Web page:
Subnet number question

KGhaleonKGhaleon Member Posts: 1,346 ■■■■□□□□□□
I was going through the 45-page "Everything you ever wanted to know about IP addressing" and ran across something which I'm stumped about. Whenever I subnet, I always write the proper subnet mask depending on what class(A,B,C). If it was an A network or /8 I'd use, if B I'd use, if C and so on. Pretty simple, right?

On page 7 they talk about Extended-network-prefix and how if you want to use the third octet of an address to represent the network number you need a mask of The example they give uses a address, so what's going on? 130 would be a Class B from what I have learned. o_O

Present goals: MCAS, MCSA, 70-680


  • KGhaleonKGhaleon Member Posts: 1,346 ■■■■□□□□□□
    Nevermind, it seems I misread. They are saying if you wanted to use the entire third octet for the subnet number, then the mask would be, which is true.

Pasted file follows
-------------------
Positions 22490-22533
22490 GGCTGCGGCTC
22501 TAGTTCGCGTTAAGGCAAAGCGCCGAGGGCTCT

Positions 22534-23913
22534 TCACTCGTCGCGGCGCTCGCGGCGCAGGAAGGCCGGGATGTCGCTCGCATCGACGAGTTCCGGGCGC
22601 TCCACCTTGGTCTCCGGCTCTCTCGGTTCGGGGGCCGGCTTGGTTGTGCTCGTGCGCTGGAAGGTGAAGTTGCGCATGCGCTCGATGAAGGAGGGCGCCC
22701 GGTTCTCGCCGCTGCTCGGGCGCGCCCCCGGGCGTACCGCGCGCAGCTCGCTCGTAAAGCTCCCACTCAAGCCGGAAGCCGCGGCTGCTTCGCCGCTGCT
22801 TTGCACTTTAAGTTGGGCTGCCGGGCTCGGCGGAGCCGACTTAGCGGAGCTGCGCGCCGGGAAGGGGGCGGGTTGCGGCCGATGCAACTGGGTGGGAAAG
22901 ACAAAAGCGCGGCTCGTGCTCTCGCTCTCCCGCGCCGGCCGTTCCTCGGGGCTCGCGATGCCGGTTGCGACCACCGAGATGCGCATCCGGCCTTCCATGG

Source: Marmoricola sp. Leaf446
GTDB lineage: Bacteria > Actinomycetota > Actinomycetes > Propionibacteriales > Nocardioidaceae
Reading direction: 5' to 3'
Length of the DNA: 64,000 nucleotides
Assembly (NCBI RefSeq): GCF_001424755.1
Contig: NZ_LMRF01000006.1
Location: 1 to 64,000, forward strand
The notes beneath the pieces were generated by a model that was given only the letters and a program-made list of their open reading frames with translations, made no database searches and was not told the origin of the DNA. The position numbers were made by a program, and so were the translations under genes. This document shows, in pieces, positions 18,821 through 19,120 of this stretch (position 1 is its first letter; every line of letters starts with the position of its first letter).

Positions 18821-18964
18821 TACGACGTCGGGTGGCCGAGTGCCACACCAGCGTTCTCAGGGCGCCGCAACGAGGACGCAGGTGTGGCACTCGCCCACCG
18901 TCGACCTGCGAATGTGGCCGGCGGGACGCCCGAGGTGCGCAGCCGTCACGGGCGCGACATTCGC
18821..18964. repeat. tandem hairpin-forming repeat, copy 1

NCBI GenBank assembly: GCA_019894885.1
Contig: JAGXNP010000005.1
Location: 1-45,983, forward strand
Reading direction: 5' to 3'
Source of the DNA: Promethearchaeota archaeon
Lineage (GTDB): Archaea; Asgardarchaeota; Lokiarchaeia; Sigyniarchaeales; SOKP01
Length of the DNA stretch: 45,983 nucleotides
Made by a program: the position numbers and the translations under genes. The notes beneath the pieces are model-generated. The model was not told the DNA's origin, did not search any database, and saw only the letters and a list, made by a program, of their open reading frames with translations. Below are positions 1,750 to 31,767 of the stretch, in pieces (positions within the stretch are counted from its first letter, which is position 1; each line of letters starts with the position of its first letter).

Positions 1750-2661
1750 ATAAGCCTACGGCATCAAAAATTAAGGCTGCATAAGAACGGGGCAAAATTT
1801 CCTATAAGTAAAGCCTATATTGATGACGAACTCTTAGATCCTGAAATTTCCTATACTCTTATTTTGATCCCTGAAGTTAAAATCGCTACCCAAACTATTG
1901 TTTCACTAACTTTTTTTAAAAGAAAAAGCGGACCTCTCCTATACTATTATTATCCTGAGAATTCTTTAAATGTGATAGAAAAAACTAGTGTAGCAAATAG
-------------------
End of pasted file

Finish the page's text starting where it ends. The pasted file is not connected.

Nevermind icon_redface.gif

    Present goals: MCAS, MCSA, 70-680
  • milliampmilliamp Member Posts: 135
    When I complain that classful IP addressing needs to be dropped from modern network exams this is why.

    Writers just casually flow from classful to classless in the same breath without ever really including a proper disclaimer or giving clarity.

    The alphabet soup A,B,C's are no longer used on most productions networks.

    Some routing protocols (RIPv1, IGRP) still use them, but most everything else (RIPv2, EIGRP, OSPF etc.) now use classless addresses, or CIDR.

    CIDR addresses are not limited to the default subnet masks of A,B,C etc and RFC 1519 for CIDR was published in 1993

    I have been working with computers for over 5 years and classful addresses were no longer being used long before I learned how to "click the blue E".

    I didn't even have to know CIDR exists for the network+ (imagine that!), but I actually got a "real" subnetting question on the Linux+ exam, it made me smile :)
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